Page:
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Wed, 11 Jan 2012 19:04:15 . . . . SyneRyder [Added some extra debugging tips in the comments]

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= iget =

== Syntax ==

:int iget(double x, double y, int z, int buffer, int mode)

== Arguments ==

:x, y

::The x and y coordinates in the image. They have to be float or double values, otherwise no interpolation is done.


::The z coordinates or color channel


::Set 0 for the input buffer, 1 for the first tile buffer, 2 for the second tile buffer and 3 for the output buffer.


::Interpolation method: 0 for nearest neighbor (no interpolation), 1 for bisquare, 2 for bicosine, 3 for bilinear and 4 for bicubic.

== Return ==

:Returns an interpolated color value from the coordinates (x,y,z).

:Considering the mathematical properties of the interpolation functions, the returned color value may sometimes be greater than 255 or smaller than 0. You may want to limit it between 0 and 255, if you're using the value as an argument to functions that don't automatically limit it (e.g., the RGB function).

== Description ==

:This function makes it easy to create real smooth effects. It lets you choose between 5 different interpolation methods. This function does some value caching, so it works quite fast. Currently it only works for 8 bit images.

== Example ==



//Demonstrates image resizing

ctl(0): "Resize",Range=(0,800),Val=200

ctl(10): combobox(vscroll),action=preview, color=#FFFFFF,fontcolor=#0000ff,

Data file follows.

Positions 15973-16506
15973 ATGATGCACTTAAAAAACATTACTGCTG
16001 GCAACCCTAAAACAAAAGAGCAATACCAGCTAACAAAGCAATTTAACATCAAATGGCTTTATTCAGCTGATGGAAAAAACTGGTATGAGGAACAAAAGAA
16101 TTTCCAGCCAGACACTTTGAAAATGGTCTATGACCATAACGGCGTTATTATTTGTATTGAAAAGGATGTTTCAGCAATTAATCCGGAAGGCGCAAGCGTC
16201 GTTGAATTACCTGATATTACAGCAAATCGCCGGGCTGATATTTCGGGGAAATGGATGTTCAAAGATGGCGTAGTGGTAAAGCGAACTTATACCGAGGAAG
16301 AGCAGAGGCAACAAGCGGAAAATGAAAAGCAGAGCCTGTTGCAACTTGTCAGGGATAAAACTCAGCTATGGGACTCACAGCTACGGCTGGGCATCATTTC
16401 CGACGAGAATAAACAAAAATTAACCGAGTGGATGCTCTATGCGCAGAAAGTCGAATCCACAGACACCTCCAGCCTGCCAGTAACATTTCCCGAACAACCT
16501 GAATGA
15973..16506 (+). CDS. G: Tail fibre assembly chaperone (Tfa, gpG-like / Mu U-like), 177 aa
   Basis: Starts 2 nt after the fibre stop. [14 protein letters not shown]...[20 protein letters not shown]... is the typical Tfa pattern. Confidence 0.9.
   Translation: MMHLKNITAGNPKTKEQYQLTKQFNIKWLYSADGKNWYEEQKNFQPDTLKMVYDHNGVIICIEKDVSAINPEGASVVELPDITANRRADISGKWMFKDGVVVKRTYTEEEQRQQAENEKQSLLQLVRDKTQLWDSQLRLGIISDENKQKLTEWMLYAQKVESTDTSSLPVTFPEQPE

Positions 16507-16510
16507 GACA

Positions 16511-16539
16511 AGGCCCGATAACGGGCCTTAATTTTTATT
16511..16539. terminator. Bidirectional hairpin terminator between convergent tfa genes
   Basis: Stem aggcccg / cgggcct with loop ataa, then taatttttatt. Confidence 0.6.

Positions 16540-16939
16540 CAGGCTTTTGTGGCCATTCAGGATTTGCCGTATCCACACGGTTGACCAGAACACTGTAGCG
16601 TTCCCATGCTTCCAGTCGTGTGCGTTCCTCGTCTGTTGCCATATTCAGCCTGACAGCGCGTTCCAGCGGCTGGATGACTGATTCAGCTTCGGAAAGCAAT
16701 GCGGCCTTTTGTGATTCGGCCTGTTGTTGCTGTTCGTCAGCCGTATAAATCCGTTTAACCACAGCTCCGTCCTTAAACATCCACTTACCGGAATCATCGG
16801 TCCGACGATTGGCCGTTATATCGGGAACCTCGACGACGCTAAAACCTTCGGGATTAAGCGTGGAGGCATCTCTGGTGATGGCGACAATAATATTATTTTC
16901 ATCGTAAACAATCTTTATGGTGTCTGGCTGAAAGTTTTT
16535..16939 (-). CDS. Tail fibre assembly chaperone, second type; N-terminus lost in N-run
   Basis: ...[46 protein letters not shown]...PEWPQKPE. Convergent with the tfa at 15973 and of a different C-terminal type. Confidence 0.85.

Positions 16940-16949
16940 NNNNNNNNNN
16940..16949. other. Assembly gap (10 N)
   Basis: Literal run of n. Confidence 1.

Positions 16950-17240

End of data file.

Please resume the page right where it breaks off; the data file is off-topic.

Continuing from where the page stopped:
text="Nearest Neighbor\nBisquare\nBicosine\nBilinear\nBicubic",val=0

ctl(100):STATICTEXT, pos=(325,70),"", fontcolor=black



float p1,q1,fracx,fracy,CalcD,dx,dy;

int Xnew,Ynew,p,q,Calc;

int m,n;

const int startclock = clock();

int endclock;

//New image dimensions



for (y=y_start; y<y_end; y++){ // rows


for (x=x_start; x<x_end; x++){ // columns



for (z=0; z<zmax; z++){ // channels

if (y<Ynew && x<Xnew){

Calc = iget(p1,q1,z,0,ctl(10));

} else{

//Set the rest of the image to black



pset(x, y, z, Calc);



//Display calculation time

endclock = clock() - startclock;

setCtlTextv(100, "Calculation Time: %d ms", endclock);

return true;



== Also see ==

:src, tget, t2get, pget

== Comments ==

*It's worth remembering that this function returns int and not double, and requires the x and y parameters to be of type double. If you try using iget and find that your image is all black, it could be because you got your ints and doubles mixed up somewhere.

*While iget correctly handles the 16-bit case when reading from the input or output image buffers, it currently always accesses the 4 t-bufs as though they were 8-bit.